!∀ #∃% &∋(!)∗+,−. ,−%/∋) 01 23∃∃4/010∀ 5/0&1(01/02! 6 Civic Republican Medical Ethics Forthcoming in the Journal of Medical Ethics Tom O‘Shea Abstract: This article develops a civic republican approach to medical ethics. It outlines civic republican concerns about the domination that arises from subjection to an arbitrary power of interference, while suggesting republican remedies to such domination in healthcare. These include proposals for greater review, challenge, and pre-authorisation of medical power. It extends this analysis by providing a civic republican account of assistive arbitrary power, showing how it can create similar problems within both formal and informal relationships of care, and offering strategies for tackling it. Two important objections to civic republican medical ethics — that it overvalues independence and political participation in healthcare — are also considered and rebutted. INTRODUCTION The civic republican tradition in political philosophy can provide us with valuable tools for analysing social power in medical contexts. Yet, despite some limited discussion in philosophy of disability and public health ethics,[1-5] republicanism remains marginal at best within medical ethics. This article shows how civic republicanism can help us to identify, problematise, and challenge often-neglected forms of arbitrary power in medicine. Furthermore, it demonstrates how a civic republican approach to medical ethics can be defended from the objections that it places too much value on the independence of individuals and imposes excessively demanding requirements for political participation. CIVIC REPUBLICANISM AND DOMINATION The republican tradition comprises a loose collection of thinkers in the history of political thought who have drawn heavily on ancient Greek and particularly Roman writing about republics.[6-8] Among its major themes are the public good of the citizenry, the vehement rejection of tyranny and servility, the importance of civic virtues to maintaining political community, as well as a distinctive conception of liberty often contrasted with liberal accounts. The remarkable revival of civic republicanism within political theory in the past two decades has focused on this latter account of liberty, which is most often defined in opposition to domination. While republican accounts of domination differ in their details, the following definition by Frank Lovett is particularly helpful: persons or groups are subject to domination to the extent that they are dependent on a social relationship in which some other person or group wields arbitrary power over them. Civic republican focus upon dependency underpins a concern with relationships which heighten vulnerability to the power of others – such as slavery, autocracy, colonialism, patriarchal marriage, and wage labour. The intensity of such dependency has been taken to be proportional to the unfeasibility, cost, and risk of exiting the relationship. Domination is distinguished from mere dependency by an additional subjection to arbitrary power. The precise nature of the relevant arbitrariness remains contested, yet there is a broad republican opposition to power which can be exercised over someone through another‘s uncontrolled or unaccountable will. The relevant power is often – although not invariably – understood as ―the capacity to interfere, on an arbitrary basis, in certain choices that the other is in a position to make.‖ This encompasses abilities for intentional manipulation and coercion of the body or will, including powers to physically restrain or compel, to punish or credibly threaten punishment, or to deceptively shape beliefs or desires. Our initial discussion will begin with this interference-centric domination in mind. Liberal thinkers often contrast liberty to interference with action rather than to domination. Yet, republicans claim that liberty can be infringed by an arbitrary power to interfere, even when no actual interference takes place. Consider what Cicero says about slavery in this respect: ―the most miserable feature of this condition is that, even if the master happens not to be oppressive, he can be so should he wish.‖ The slave who happens to avoid interference is already sufficiently subordinate to the master to preclude her freedom, since she has no latitude to act for herself without his implicit permission, which may be withdrawn with impunity. Her master‘s indulgence conditions everything she can do. While such a lack of security when subject to arbitrary power is itself enough to constitute unfreedom, her awareness of her vulnerability not only breeds harms such as fearful uncertainty, but can also further undermine liberty by incentivising servility towards the powerful. DOMINATION IN HEALTHCARE What is the upshot of this account of domination for medical ethics? Some civic republicans emphasise minimal procedural requirements for non-domination, whereby power is no longer arbitrary when it is reliably constrained by rules or processes that are common knowledge. The goal of such measures is to provide people with ―reliable expectations‖, so they ―know exactly where they stand‖ with respect to power held over them. For example, the so-called ‗doctrine of medical necessity‘ can confound such expectations when used to justify wide-ranging and illdefined emergency powers to authorise compulsory treatment. Conversely, mental capacity legislation with transparent, well-demarcated, and enforceable criteria for compulsory treatment would reduce procedural arbitrariness even if such treatment were no less frequent as a result. Similarly, this kind of arbitrariness would be reduced by an explicit hospital visitors policy, which outlined who can visit and under what conditions, rather than ward managers deciding to disallow visitors on an ad hoc basis. Both measures would disrupt uncontrolled power within social relationships of dependence. When patients are confident that there are clear rules governing how power is exercised over them, this can also reduce the inclination to be deferential towards healthcare authorities in the hope of influencing their decisions. Restrictions on discretionary powers to interfere that are imposed by commonly known and enforceable rules can help prevent some people being at the mercy of another‘s will. However, we might think that the codification of a practice does not necessarily preclude it being dominating, especially when the process of determining the rules themselves is uncontrolled, such that subjection to an arbitrary will takes place at a second-order level. What also matters is how and by whom social power is subject to control. For instance, one prominent republican account takes domination to be generated by power that is ―not subject to your own control and in this sense is arbitrary.‖ This control need not be absolute: what is required is that citizens are subject to power on an equal basis without some being fundamentally subordinate to others. In this respect, consider the conclusions of a report into services for individuals with intellectual disabilities who exhibit challenging behaviour: Support staff had control over every aspect of the lives of participants, and the casual denial of participants’ requests is demonstrative of how little power and control participants sometimes had. This is a striking example of dependence upon a relationship subjecting people to a power to interfere with their choices, without them possessing meaningful control over the conditions of its exercise, or a feasible means to exit the relationship. Domination will not always be so comprehensive, but this gives some sense of the profound differentials in authority and social status which civic republicans aim to problematise. The control over power necessary to avoid domination can be secured to a limited degree by citizens having equal access to the democratic process that generates laws authorising interference – for instance, ensuring the voices of patients are not drowned out by those of medical professionals or the healthcare industry lobby, and dismantling the barriers to voting that still exist for some people diagnosed with mental disorders or intellectual disabilities. The greater contribution to reducing domination in healthcare, however, will be made by more direct and local mechanisms for restraining and shaping power. Some civic republicans have called for contestatory democracy, including ―institutionalized forums for contestation‖, where citizens can challenge domination. Contestatory democracy requires that citizens are able to flag what they take to be arbitrary power over themselves, and to find impartial review, redress, and revision of policy. This suggests several measures within medicine: expansion of the purview of existing oversight instruments, such as mental health tribunals, to review the ability to interfere and not merely its exercise; fora within healthcare institutions that allow patients to periodically and publically hold to account those with powers of interference over them; and educational and political initiatives to inform patients of their legal and moral rights, and to foster their confidence to assert them. Other republican strategies for combatting domination involve pre-authorisation rather than contestation. Pre-authorisation renders power over someone non-arbitrary insofar as they have controlled it in advance. This provides civic republican grounds for recommending some familiar measures, such as advanced decisionmaking in the context of declining or fluctuating mental capacity. It should also lead republicans to support forms of advanced care planning that are currently less common, including ‗crisis cards‘ for patients who may experience psychotic episodes, and which outline an agreement with their care team about when they will and will not encounter interference with their actions. For the civic republican, the primary goal of these measures is not to decrease interference, but to ensure that the power to interfere cannot be exercised in an arbitrary fashion, whereby some citizens are ancillary to others and subject to their mutable will. ASSISTIVE ARBITRARY POWER IN HEALTHCARE The domination considered so far arises from the arbitrary power to interfere with another‘s choices within relations of social dependence. We should be careful not to underestimate the scope of such interference. While the paradigm cases are coercion and manipulation, some acts of medical omission will, in context, also count as interference on republican approaches – e.g. ―the pharmacist who without good reason refuses to sell an urgently required medicine‖. Likewise, the intentional exploitation of medical need by making assistance extortionately expensive also constitutes interference – for instance, massively jacking up the price of a medicine to take advantage of a monopoly upon supply. Thus, domination can sometimes be generated by the arbitrary power to withhold or increase the costs of support. Some limitations in access to healthcare and assistance in adapting to illness or disability do not interfere per se but simply fail to provide an additional benefit.. Consider the power of healthcare staff to determine access to beneficial services in the absence of emergencies or intentional exploitation – for instance, deciding whether someone is prioritised for physical rehabilitation or offered additional sessions of psychotherapy. Likewise, coping with poor health is also affected by the willingness of friends and family to contribute, such as the extent to which they make themselves emotionally available, or are prepared to dedicate their time and resources to tasks like driving for someone with mobility problems. The non-conferral of these benefits does not ordinarily seem like outright interference, and thus even the capacity to arbitrarily withhold them will not amount to domination, so long as we retain an interference-centric account. Civic republicans do not always accept that domination presupposes the power to interfere. For example, Lovett denies that the power to raise costs and lower benefits of choices is more significant to domination than the power to raise their benefits and lower their costs. He reminds us that tremendous social power can be contained in offers and not simply threats (e.g. the power of an enormous retailer in its transactions with suppliers). We do not need to determine here whether outright domination can be generated by arbitrary power to assist others within a relationship of dependence. It is sufficient to note that it can foster similar problems to the arbitrary power to interfere (as republican accounts of corruption and largesse have emphasised). We might demur at the idea that power to make someone better off can make them less free. But this becomes more plausible when it is latitude over whether to meet someone‘s basic needs within a relationship with high exit costs and few alternatives. Illness will often create these conditions by reducing a person‘s own capacity to fulfil their needs, bear the costs of ending a relationship, and find new forms of support. The sheer vulnerability to being abandoned or neglected when already experiencing heightened needs may incentivise compliance and make opposing the will of others especially risky. Thus, dependence upon social relationships in which arbitrary power is assistive rather than interfering can exhibit comparable challenges to freedom as interference-centric domination. The provision of formal healthcare is seldom dependent on the radically uncontrolled will of medical staff. In the absence of immediate financial pressures, the main factors determining the care someone receives are institutional procedures and professional judgement. However, we should be sensitive to the harms that discretionary power to assist others can introduce when such procedures are lax and such judgement cannot be sufficiently held to account. The standard republican remedies would recommend ensuring that decisions about access to healthcare are guided by a consistent rationale which is transparently communicated. Furthermore, mechanisms must be in place to allow such decisions to be challenged, and to periodically review whether the current level of flexibility that healthcare gatekeepers are granted is becoming too stifling. The problem of assistive arbitrary power in relation to friends and family is even thornier. While these are relationships that can be strengthened by someone‘s need for additional care, there is also potential for worrying imbalances of power when they are reliant on support that others are under no enforceable obligation to provide. Yet, it seems neither practicable nor desirable to demand that friends and family account for the level of support they are willing to provide, or to restrict their prerogative to provide no such assistance at all. Nonetheless, the problems of arbitrary assistive power can be indirectly lessened if someone can be confident that other forms of psychological and material support are available to them should their relationships with friends or family break down. When someone‘s medical and wider needs can be met on a more secure basis, republicans can recognise that this leaves them less beholden to others, even if they never actually use such a failsafe. OVERVALUING INDEPENDENCE? Civic republicanism provides a framework for understanding how social relationships of dependence characterised by arbitrary power can contribute to subordinating some agents to others in problematic ways. But might such republican hostility to dependence be misguided? We are finite, vulnerable, social animals, who cannot feasibly dispense with relationships in which we depend or are depended upon by others. Fantasies of self-sufficiency which result in the disavowal or refusal of bonds of care can be deeply harmful. In this spirit, Alasdair Macintyre identifies ―virtues of acknowledged dependence‖, which facilitate social relationships in which we recognise human fragility, and are open to both giving and receiving help without undue reluctance. Aaron Cobb has recently emphasised the significance of these virtues within medical ethics in enabling us ―to appreciate human vulnerability and to respond with appropriate forms of care.‖ Civic republicanism might seem to hinder this embrace of dependence. Marilyn Freidman explicitly accuses republicans of an ―inadequate grasp of the essential role of dependency relationships in human life‖, which results in a failure to appreciate how much damage would be done to the ability to care for others by the attempt to minimise such dependency. For example, since the ―capacity to help someone climb the stairs is also the capacity to throw her down the stairs‖, then eliminating relationships in which arbitrary power is held can also reduce opportunities for caring for someone. This challenge is particularly important for a civic republican approach to medical ethics because our need for social support can be so much greater when we are ill. If a civic republican medical ethics required wholesale opposition to caring relationships in which those with poor health are reliant on others, then its aversion to dependence would be excessive. This is not the case on the analysis developed here, which only problematises social relationships of dependence which embed arbitrary power over others – whether that is the arbitrary power to interfere, or the more expansive withholding of support for the provision of basic needs. Dependence is not a locus of republican opposition in the absence of such power, and there is no intrinsic problem with medical or caring relationships which have high psychological or material barriers to exit. There remain problematic situations where the combination of social dependence and arbitrary power are difficult or impossible to disentangle from the capacity to provide valuable care for others. Yet, when it is not practicable to eliminate domination or other combinations of dependence and arbitrary power in healthcare provision, the civic republican does not transform into the zealot that Friedman fears – refusing to countenance any insufficiently controlled power. They instead recommend that the evaluation of rival healthcare policies recognises it is a major advantage to avoid some citizens being significantly subordinate to others due to such arbitrary power held over them. To structure social relationships so that some are not unnecessarily at the mercy of others is an important goal in healthcare provision; yet, republicans need not be committed to paying any price in human health to secure it. OVERVALUING PARTICIPATION? We can take seriously civic republican concerns about a subset of dependent relationships in the context of medicine without unreasonably marginalising valuable relationships of care in which the sick are reliant upon the support of others. But republican approaches to medical ethics might appear to be vulnerable to another objection: that they are too burdensome not for the recipients of care but for the citizenry as a whole. This criticism takes aim at the participatory civic culture that republicans promote in order to achieve goods like non-domination. Discussing republican public health ethics, Stephen Latham tell us that, ―Nondomination, as Oscar Wilde might have said, will take a lot of evenings.‖ He believes that the provision of health is best left to competent governments who we are able to replace if necessary. Latham recognises that republicans may propose a division of labour whereby not all citizens must devote their time to combatting domination in health contexts. Furthermore, he notes that the sheer willingness of citizens to hold those with power to account can often be an effective constraint – exercising a ‗virtual influence‘ on healthcare policy. Nevertheless, Latham asks: Might it not be better for a government simply (and paternalistically) to give the people the health—and the security, and the peace—they need, without demanding their legitimizing engagement in that project, in a way that leaves them free to engage their attentions and cultivate their virtues in pursuit of higher, weaker values? Similarly, do we have nothing better to do with our evenings than the laborious organisational work a vigilant citizenry would need to undertake to effectively challenge the dependent relationships embedding arbitrary power identified by a civic republican medical ethics? It is worth noting that the civic republican goal of reducing social dependence underpinned by arbitrary power in healthcare will not stand or fall with popular participation. Some measures require little to no civic engagement – for example, the state might unilaterally increase the choice of medical services available to patients, or the financial, social care, or rehousing support it provides to sick or disabled individuals, in order to lessen their vulnerability to the uncontrolled will of particular healthcare providers or informal carers. Other proposals would require participation only from some of those running or directly affected by medical institutions, such as efforts to identify and remedy domination by providing long-term patients with fora within which they can scrutinise the power to which they are subject. Thus, even those sharing Latham‘s scepticism about the net benefits of an engaged citizenry willing to challenge domination in healthcare can still endorse other aspects of civic republican approaches to medical power. The more fundamental challenge to republicanism posed by Latham is the suggestion that healthcare should be delivered by technocratic governments without much gained by the extra-electoral participation of citizens. Of course, this rests on a no less controversial understanding of political life and its relation to health. The wager made by radical republicans is that given the alternative between acting for others and enabling them to act for themselves, there is something of value in their democratic self-rule. While this is not a political and ethical ideal that can be comprehensively defended here, it should be particularly attractive on the terrain of health. This is not only because greater participation of patients could further check the subset of problematic dependencies that civic republicanism identifies, but also because hierarchical distributions of power in some medical institutions unduly restrict the diversity of experience that informs decision-making within these organisations. Significantly, neither claim relies upon the more contentious perfectionist idea that participatory self-rule is the proper end of human beings. CONCLUSION This article has outlined the contribution civic republicanism can make to medical ethics. Republican conceptions of domination help to articulate the threats posed by even unexercised medical power to interfere when it can be used arbitrarily. This might find practical expression in an expanded purview for mechanisms of review such as tribunals, more institutional spaces in which patients can query the power held over them, and greater use of pre-authorisation strategies such as advanced care planning. Civic republicanism also shows how assistive arbitrary power can be problematic, which should prompt us to value transparency in healthcare gatekeeping decisions and alternative options for those in both formal and informal care relationships. The civic republican opposition to dependence in healthcare is appropriate when its focus is social relationships marked by arbitrary power to interfere or withhold assistance towards basic needs, rather than any contingent acts of mutual aid or care. Furthermore, the republican emphasis on civic participation was found neither to be required by all its normative recommendations nor to be necessarily an excessive ideal within healthcare. Thus, this suggests that medical ethics is likely to be enriched by greater engagement with civic republican concepts, values, and policy proposals. REFERENCES 1 De Wispelaere J, Casassas D. A life of one‘s own: republican freedom and disability. Disabil Soc 2014;29(3):402–16. 2 O‘Shea T. Disability and domination: lessons from republican political philosophy. J Appl Philos 2015. doi:10.1111/japp.12149 3 Jennings B. Public health and civic republicanism: toward an alternative framework for public health ethics. In: Dawson A, Verweij M, eds. Ethics, Prevention, and Public Health. Oxford: Clarendon Press 2007:30-58. 4 Radoilska L. Public health ethics and liberalism. Public Health Ethics 2009;2(2):135-45. 5 De Wispelaere J, Coggon J, eds. Republican special symposium. Public Health Ethics 2016;9(2):123-82. 6 Skinner Q. Liberty before Liberalism. Cambridge: Cambridge University Press 1997. 7 Pettit P. Republicanism: A Theory of Freedom and Government. Oxford: Clarendon Press 1997. 8 Honohan I. Civic Republicanism. London: Routledge 2002. 9 Laborde C, Maynor J, eds. Republicanism and Political Theory. Oxford: Blackwell 2008. 10 Lovett F. A General Theory of Domination and Justice. Oxford: Oxford University Press 2010:119. 11 Lovett. Domination and Justice. 50. 12 Lovett F. What counts as arbitrary power? Journal of Political Power 2012;5(1). 13 Pettit. Republicanism. 52. 14 Pettit. Republicanism. 53. 15 Berlin I. Liberty. Oxford: Oxford University Press 2002. 16 Cicero in Skinner Q. Classical liberty and the coming of the English civil war. In: Gelderen M, Skinner Q, eds. Republicanism: A Shared European Heritage: Volume II. Cambridge: Cambridge University Press 2002:10. 17 Lovett. What counts as arbitrary power? 147. 18 Pettit P. Freedom: psychological, ethical, and political. Critical Review of International Social and Political Philosophy 2015;18(4):383. 19 Griffith G, Hutchinson L, Hastings R. ―I‘m not a patient, I‘m a person‖: the experiences of individuals with intellectual disabilities and challenging behaviour–a thematic synthesis of qualitative studies. Clinical Psychology: Science and Practice 2013;20(4):477. 20 Appelbaum P. ―I vote. I count‖: mental disability and the right to vote‘. Psychiatr Serv 2000;51(7):849-50. 21 Lovett F. Republicanism. Stanford Encyclopaedia of Philosophy. http://plato.stanford.edu/entries/republicanism/ (accessed 15 April 2016). 22 De Wispelaere, Casassas. A life of one‘s own. 9-12. 23 Pettit P. A republican right to basic income? Basic Income Studies 2007;2(2):6. 24 Sotherby K, Szmuckler G. Crisis cards and self-help crisis initiatives. Psychiatr Bull R Coll Psychiatr 1998;22:4-7. 25 Pettit. Republicanism. 53-4. 26 Lovett. Domination and Justice. 77. 27 Sparling R. Political corruption and the concept of dependence in republican thought. Polit Theory 2013;41(4):618-47. 28 Macintyre A. Dependent Rational Animals: Why Human Beings Need the Virtues. Chicago: Open Court 1999: 119f. 29 Cobb A. Acknowledged dependence and the virtues of perinatal hospice. J Med Philos 2016;41(1): 29. 30 Friedman M. Pettit‘s civic republicanism and male domination. In: Laborde C, Maynor J, eds. Republicanism and Political Theory. Oxford: Blackwell 2008:254-5. 31 Latham SR. Political theory, values and public health. Public Health Ethics 2016;9(2):144. 32 Latham. Political theory, values and public health. 147. 33 Celikates R. Freedom as non-arbitrariness or as democratic self-rule? A critique of contemporary republicanism. In: Dahl C, Nexø A, eds. To Be Unfree: Republican Perspectives on Political Unfreedom in History, Literature, and Philosophy. Bielefeld: Transcript 2014.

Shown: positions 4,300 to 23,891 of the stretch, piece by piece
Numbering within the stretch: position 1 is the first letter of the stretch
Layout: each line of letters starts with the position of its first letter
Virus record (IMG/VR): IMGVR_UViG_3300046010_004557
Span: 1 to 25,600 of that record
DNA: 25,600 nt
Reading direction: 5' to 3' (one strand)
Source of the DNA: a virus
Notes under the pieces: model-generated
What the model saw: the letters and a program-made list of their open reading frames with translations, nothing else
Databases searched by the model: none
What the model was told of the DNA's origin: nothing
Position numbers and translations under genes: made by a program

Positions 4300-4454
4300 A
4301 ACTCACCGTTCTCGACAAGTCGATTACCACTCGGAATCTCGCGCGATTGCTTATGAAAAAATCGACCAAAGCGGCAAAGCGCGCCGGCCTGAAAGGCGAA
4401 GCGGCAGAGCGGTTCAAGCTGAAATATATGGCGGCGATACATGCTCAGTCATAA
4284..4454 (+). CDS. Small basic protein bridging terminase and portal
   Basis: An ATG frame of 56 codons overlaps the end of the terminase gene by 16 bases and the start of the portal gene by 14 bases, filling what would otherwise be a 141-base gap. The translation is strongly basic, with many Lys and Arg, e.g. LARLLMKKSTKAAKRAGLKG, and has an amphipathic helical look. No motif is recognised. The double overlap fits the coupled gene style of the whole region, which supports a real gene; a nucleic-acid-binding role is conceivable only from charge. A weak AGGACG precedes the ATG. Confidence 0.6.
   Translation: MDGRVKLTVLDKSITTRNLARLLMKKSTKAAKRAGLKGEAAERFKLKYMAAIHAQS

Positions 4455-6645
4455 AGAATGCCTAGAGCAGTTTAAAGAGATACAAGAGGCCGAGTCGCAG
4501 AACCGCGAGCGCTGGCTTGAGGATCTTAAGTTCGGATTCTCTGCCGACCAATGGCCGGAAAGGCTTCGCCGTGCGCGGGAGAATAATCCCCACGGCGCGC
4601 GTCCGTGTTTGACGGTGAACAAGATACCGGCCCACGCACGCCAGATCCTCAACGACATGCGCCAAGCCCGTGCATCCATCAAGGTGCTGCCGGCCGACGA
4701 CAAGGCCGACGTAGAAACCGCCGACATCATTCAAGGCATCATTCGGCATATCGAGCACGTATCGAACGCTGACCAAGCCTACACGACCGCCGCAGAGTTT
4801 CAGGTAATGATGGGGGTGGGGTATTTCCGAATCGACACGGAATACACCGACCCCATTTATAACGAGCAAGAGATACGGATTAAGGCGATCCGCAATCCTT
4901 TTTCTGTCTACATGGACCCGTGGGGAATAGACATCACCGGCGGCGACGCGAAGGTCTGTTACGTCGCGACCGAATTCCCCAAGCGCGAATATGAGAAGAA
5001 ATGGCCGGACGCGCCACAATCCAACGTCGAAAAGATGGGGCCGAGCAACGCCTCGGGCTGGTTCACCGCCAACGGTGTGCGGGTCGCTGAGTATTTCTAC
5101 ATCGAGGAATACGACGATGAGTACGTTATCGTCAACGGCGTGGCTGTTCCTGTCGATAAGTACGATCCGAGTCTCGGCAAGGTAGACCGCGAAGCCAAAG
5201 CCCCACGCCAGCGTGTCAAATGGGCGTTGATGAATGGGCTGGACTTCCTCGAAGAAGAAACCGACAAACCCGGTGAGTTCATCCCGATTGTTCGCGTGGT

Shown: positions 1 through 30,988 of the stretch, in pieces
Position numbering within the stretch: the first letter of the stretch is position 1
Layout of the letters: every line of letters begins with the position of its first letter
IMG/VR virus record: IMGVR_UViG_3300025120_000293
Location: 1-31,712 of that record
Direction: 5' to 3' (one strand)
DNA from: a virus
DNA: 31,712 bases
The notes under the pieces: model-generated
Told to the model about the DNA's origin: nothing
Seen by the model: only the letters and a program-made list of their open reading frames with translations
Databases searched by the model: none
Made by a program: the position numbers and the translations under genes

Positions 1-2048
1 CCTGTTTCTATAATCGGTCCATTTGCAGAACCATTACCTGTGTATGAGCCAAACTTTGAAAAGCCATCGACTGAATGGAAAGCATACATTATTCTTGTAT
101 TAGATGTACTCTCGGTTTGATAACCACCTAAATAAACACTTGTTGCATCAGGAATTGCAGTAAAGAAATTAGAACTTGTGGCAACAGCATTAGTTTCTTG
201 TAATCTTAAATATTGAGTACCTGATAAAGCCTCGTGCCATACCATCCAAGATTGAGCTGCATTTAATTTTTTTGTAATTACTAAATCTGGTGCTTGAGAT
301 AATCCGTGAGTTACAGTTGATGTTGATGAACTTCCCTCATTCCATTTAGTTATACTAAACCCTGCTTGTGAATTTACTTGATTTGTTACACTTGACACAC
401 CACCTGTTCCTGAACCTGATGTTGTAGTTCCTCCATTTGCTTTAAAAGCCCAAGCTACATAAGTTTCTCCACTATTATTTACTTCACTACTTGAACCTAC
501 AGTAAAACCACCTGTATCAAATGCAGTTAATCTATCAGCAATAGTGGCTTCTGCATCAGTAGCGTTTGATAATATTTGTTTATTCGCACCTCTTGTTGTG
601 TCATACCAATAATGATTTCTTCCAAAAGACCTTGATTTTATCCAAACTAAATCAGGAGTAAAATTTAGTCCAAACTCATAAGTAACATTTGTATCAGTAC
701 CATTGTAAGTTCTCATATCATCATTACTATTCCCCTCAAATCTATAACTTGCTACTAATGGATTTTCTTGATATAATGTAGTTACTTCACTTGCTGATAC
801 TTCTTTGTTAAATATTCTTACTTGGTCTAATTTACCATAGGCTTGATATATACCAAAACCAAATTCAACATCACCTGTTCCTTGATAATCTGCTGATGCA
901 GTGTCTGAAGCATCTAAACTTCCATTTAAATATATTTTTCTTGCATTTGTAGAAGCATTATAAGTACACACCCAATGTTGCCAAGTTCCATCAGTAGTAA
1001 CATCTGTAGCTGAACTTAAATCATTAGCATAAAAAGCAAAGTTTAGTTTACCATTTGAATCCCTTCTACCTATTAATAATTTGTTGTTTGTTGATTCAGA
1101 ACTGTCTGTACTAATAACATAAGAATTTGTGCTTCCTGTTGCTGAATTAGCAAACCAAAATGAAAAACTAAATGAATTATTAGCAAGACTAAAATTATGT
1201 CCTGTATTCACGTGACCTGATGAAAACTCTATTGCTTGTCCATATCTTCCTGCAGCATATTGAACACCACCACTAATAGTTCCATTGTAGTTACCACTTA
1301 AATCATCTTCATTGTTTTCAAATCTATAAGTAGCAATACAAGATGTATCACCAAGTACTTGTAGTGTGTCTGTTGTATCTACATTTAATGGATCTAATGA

© Copyright 2021 Paperzz